The Hebrew word mal’ak, as well as the Greek term aggelos, are the two keywords that are rendered as “angel” or “angels” in our English scriptures. Both words correspond to “messenger.” Yet in some Old Testament passages (e.g., Job 1:6 and 38:7), angels are mentioned as “sons of God.”
The aforementioned is a description given the notion that the Lord God is a spiritual being, along with angels, and angels are creatures of God with the physical form of young men (with no wings). It’s necessary to acknowledge the difference when trying to fully grasp that the angel of the Lord is Jesus, the Son of God, in the Holy Bible and not the angel that we know.
- 1 Who Is The Angel Of The Lord?
- 2 Does The Bible Say The Angel Of The Lord Is Jesus?
- 3 What Power And Authority Does The Angel Of The Lord Have?
- 4 How Do We Know That The Angel Of The Lord Is Jesus?
- 5 Conclusion
Who Is The Angel Of The Lord?
This character, sometimes known as the “angel of the Presence,” the “angel of the LORD,” or the “messenger, or angel, of the Covenant,” is mentioned throughout the Bible, both the Old and New Testaments. He is included in a number of substantial settings and stands out among all of the other angels because of how he is depicted.
So, considering the specific characteristics of the angel of the Lord, three basic viewpoints have been advanced:
- A magnificent angel who served as the Lord’s own representative.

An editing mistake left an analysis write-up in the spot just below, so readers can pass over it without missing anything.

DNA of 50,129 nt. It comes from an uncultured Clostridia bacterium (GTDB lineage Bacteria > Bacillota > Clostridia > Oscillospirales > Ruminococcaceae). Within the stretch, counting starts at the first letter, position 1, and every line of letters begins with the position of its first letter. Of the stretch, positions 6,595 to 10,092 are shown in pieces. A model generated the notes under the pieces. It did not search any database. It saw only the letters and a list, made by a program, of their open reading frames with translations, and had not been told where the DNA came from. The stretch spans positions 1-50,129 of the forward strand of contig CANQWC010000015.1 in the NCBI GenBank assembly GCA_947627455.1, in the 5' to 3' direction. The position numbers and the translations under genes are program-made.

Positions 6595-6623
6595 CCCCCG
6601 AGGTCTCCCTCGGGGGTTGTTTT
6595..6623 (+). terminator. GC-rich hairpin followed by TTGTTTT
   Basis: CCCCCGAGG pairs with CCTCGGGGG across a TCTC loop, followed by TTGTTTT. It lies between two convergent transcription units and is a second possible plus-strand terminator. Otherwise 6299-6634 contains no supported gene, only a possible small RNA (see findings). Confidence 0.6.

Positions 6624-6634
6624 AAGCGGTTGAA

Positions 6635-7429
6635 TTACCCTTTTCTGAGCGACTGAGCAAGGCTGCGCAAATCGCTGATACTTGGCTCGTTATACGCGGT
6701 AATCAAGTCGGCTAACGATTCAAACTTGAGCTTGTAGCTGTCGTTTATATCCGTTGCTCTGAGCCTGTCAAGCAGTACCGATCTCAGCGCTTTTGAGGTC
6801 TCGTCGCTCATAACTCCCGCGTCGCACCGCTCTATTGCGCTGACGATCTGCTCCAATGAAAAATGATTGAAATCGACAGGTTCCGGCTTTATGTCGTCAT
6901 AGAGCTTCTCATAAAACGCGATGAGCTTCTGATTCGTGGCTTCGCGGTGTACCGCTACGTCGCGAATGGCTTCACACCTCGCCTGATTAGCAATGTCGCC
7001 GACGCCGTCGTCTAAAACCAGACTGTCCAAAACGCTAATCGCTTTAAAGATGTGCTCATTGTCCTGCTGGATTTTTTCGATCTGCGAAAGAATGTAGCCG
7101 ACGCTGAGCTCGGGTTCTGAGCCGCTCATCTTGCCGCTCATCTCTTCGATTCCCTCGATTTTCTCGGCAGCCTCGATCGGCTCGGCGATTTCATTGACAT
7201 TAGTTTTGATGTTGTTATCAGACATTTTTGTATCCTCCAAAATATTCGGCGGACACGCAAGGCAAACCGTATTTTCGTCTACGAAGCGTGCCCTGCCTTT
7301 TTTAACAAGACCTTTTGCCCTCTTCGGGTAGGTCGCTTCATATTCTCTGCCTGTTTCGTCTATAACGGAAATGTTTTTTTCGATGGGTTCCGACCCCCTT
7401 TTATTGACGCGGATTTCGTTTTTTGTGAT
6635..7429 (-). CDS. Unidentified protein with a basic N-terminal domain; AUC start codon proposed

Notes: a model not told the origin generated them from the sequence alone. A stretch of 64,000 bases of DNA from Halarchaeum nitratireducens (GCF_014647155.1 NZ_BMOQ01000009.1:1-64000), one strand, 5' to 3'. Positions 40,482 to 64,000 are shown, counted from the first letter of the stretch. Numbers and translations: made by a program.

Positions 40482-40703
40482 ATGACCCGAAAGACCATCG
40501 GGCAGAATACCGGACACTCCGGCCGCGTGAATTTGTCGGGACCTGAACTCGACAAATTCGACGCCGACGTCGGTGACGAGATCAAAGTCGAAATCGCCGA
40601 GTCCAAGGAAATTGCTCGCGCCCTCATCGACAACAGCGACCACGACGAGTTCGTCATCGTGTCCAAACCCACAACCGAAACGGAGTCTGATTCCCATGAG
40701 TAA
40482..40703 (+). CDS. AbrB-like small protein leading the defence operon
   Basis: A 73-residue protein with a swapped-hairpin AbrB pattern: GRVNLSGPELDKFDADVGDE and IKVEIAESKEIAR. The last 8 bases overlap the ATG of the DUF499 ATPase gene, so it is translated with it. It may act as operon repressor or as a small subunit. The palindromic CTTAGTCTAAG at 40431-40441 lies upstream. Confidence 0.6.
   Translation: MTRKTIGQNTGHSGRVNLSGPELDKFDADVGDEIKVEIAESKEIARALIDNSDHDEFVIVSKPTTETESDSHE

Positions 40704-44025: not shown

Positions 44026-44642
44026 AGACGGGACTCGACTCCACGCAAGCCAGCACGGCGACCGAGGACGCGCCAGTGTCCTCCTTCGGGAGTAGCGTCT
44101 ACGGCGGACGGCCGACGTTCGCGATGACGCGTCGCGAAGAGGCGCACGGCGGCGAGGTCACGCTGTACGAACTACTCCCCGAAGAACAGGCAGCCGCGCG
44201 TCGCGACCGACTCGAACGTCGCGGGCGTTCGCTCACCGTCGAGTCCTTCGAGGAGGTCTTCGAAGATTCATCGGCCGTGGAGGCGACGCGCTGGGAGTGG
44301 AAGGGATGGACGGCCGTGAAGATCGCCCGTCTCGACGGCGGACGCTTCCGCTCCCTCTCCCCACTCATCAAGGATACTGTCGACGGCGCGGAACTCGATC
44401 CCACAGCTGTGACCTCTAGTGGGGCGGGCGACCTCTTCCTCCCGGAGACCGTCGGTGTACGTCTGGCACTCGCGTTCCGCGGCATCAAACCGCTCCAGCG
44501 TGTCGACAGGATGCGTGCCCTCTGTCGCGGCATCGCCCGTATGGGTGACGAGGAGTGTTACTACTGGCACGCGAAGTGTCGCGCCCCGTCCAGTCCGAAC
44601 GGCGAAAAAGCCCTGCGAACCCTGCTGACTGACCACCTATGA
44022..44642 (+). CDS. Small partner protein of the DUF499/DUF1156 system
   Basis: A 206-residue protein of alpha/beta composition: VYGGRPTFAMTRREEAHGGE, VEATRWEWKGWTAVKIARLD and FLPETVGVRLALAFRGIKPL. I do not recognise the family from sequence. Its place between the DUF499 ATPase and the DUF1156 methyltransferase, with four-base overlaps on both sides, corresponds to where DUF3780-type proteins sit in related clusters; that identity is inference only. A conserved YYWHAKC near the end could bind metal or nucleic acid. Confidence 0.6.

- God the Father taking on human form.
- God the Son temporarily assumes a physical body.
The Old Testament also offers brief and subtle hints at the existence of female angels as messengers of God, albeit elusive, adding to the complexity and richness of angelic representations in the Scripture.
Does The Bible Say The Angel Of The Lord Is Jesus?
Then the angel of the Lord told her, “Go back to your mistress and submit to her.” The angel added, “I will increase your descendants so much that they will be too numerous to count.”— Genesis 16:9–10
The mention of Jesus in Genesis is a topic of theological debate, as some believe there had been subtle foreshadowing of his arrival in the Old Testament.
The angel is called by the name “angel of the Lord” (Lord denoting YHWH) in Genesis 16. This angel speaks in a manner that only the Almighty would do, for only He can multiply a person’s descendants and make commitments like such.
Hagar calls the angel El Roi, which means the One who sees me, indicating that she too thinks and believes that this is God. In verse 13, she claimed, “You are [El Roi] a God of seeing. Truly, here I have seen Him who looks after me.”
It is in Exodus 3 that we learn that the angel of the Lord assumed the shape of tongues of fire; this appearance is undoubtedly God since the passage says, “God called to him from within the burning bush.” It’s in this very same portion, in lines 14 and 15, where the Lord appeared to Moses, revealing His identity as YHWH:
“God said to Moses, ‘I AM WHO I AM. This is what you are to say to the Israelites: ‘I AM has sent me to you.’’ God also said to Moses, ‘Say to the Israelites, ‘The LORD, the God of your fathers—the God of Abraham, the God of Isaac, and the God of Jacob—has sent me to you.’’ ‘This is my name forever, the name you shall call me from generation to generation.”
Prior to the birth of Samson, his parents (Manoah and his mother) received word from the angel of the Lord that their child would free Israel from the hands of the Philistines. The angel originally appeared to his mother, who later characterized him as having the look of an (amazing) angel of God yet still seeming like a man (Judges 13:6).
Therefore, even though this messenger lacks wings, something about his appearance and stature suggests that he is a higher being than a human. Manoah informs his wife, “We will surely die, for we have seen God” (verse 22), after an extraordinary encounter.